The first time I did that, there was a long pause–it seemed for-ev-er! It occurred to me that He waited to see if I really meant what I said. At the same time, He knew my heart’s desperate plea to know Him. So He made Himself known to me. Words cannot describe it, except to say that when I felt His loving presence, I was home.

Holy Spirit became my prayer partner–the One who never leaves me–the One who is never too busy–the One who does not play the field as if He’s interested in so many other things that He has no time for me. I learned to trust Him. I learned that I could pour out my heart to Him when I was hungry for Him, thirsty for truth, and when I was forlorn in my soul. The Comforter is mine, just as He promised. I could never long for another.

So, I’m purposing to stop every few seconds of the day, and move close to the One who has already positioned Himself near me. We walk and we talk. I’m home.

Proven Character

Paul called him a true son. Timothy was accustomed to hearing his spiritual father’s words of affirmation, instruction, as well as correction. True sons receive such from their trusted spiritual fathers.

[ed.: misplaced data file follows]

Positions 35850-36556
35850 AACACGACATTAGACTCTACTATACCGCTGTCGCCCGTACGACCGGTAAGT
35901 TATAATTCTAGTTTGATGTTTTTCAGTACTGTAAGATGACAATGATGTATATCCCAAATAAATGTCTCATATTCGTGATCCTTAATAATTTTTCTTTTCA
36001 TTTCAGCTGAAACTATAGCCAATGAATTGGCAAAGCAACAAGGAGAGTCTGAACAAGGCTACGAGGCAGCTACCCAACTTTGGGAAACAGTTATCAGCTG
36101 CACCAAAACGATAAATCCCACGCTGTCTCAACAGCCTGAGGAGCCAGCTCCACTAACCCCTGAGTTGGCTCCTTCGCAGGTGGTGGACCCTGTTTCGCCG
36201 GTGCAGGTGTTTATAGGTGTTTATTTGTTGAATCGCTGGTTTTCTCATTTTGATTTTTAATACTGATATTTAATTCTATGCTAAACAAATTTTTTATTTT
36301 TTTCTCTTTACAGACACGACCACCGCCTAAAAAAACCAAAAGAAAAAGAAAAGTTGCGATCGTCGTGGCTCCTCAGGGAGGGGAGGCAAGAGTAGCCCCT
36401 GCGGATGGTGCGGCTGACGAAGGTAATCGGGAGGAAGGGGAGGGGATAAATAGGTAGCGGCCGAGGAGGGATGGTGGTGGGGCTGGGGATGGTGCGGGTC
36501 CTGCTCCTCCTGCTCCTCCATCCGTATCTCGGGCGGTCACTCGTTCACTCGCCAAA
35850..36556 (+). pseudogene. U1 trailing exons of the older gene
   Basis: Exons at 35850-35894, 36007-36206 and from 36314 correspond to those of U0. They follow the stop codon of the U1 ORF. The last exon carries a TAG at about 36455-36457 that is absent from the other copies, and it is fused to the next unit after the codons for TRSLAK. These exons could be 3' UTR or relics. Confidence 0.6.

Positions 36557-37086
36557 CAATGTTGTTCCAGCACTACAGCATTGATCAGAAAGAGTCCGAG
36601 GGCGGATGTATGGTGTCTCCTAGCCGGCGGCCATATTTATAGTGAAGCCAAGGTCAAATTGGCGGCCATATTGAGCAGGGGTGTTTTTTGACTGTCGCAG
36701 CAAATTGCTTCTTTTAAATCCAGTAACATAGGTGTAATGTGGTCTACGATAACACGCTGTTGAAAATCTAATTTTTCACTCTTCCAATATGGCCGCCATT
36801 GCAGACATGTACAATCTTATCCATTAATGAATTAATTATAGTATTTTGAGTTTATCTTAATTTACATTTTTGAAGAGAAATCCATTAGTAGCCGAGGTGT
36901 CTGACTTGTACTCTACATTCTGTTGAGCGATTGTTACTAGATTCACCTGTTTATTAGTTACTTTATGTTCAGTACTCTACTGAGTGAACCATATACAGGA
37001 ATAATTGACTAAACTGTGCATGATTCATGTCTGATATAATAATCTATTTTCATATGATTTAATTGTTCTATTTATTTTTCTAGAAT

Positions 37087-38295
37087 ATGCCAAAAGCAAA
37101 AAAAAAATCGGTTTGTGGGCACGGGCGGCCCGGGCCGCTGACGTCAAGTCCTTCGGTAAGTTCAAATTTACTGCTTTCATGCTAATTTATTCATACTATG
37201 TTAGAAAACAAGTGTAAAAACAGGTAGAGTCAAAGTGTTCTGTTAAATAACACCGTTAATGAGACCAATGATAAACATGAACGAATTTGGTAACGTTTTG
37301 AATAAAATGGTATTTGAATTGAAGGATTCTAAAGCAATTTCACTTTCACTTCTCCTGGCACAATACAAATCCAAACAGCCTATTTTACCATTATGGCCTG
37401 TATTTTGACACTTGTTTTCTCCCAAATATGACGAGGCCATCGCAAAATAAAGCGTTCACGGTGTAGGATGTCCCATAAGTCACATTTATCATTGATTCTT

“To Timothy, my true child in the faith; grace, mercy and peace from God the Father and Christ Jesus our Lord. [1 Timothy 1:2] What a greeting! I would definitely want to read on, to see what my spiritual father had to say to me.

Time and energy are required in raising up true sons and daughters in the faith. Spiritual children will ultimately find themselves resting securely in this love shown to them because of trust. This trust will withstand time and distance. Spiritual parents become acquainted with the potential of the spiritual son or daughter, and they experience great joy in promoting them into their destiny. Jealousies and competitions are rare when they grow in proven character.

Solomon and Absalom contrast one another. Solomon was patient in waiting to be promoted to position–trusting that his time would come when it was right. Absalom demanded his post prematurely and pursued it at all costs, even to his death. David, as a parent, most likely desired both of his sons to be raised to maturity and destiny. However, time and testing proved the character of each of these sons.

What makes one son satisfied in waiting–and one not? Simply look at their heart responses to the trials and testings. The hearts of sons and daughters are being stirred to respond with tried-and-tested loyalty. Bob Sorge, in his book LOYALTY, defines the word as: “a noble, unswerving allegiance, rooted in faith and love, that binds hearts together in common purpose.” [pg 15]

“Behold, I am going to send you Elijah the prophet before the coming of the great and terrible day of the Lord. And he will restore the hearts of the fathers to the children, and the hearts of the children to their fathers, lest I come and smite the land with a curse.” [Malachi 4:5-6]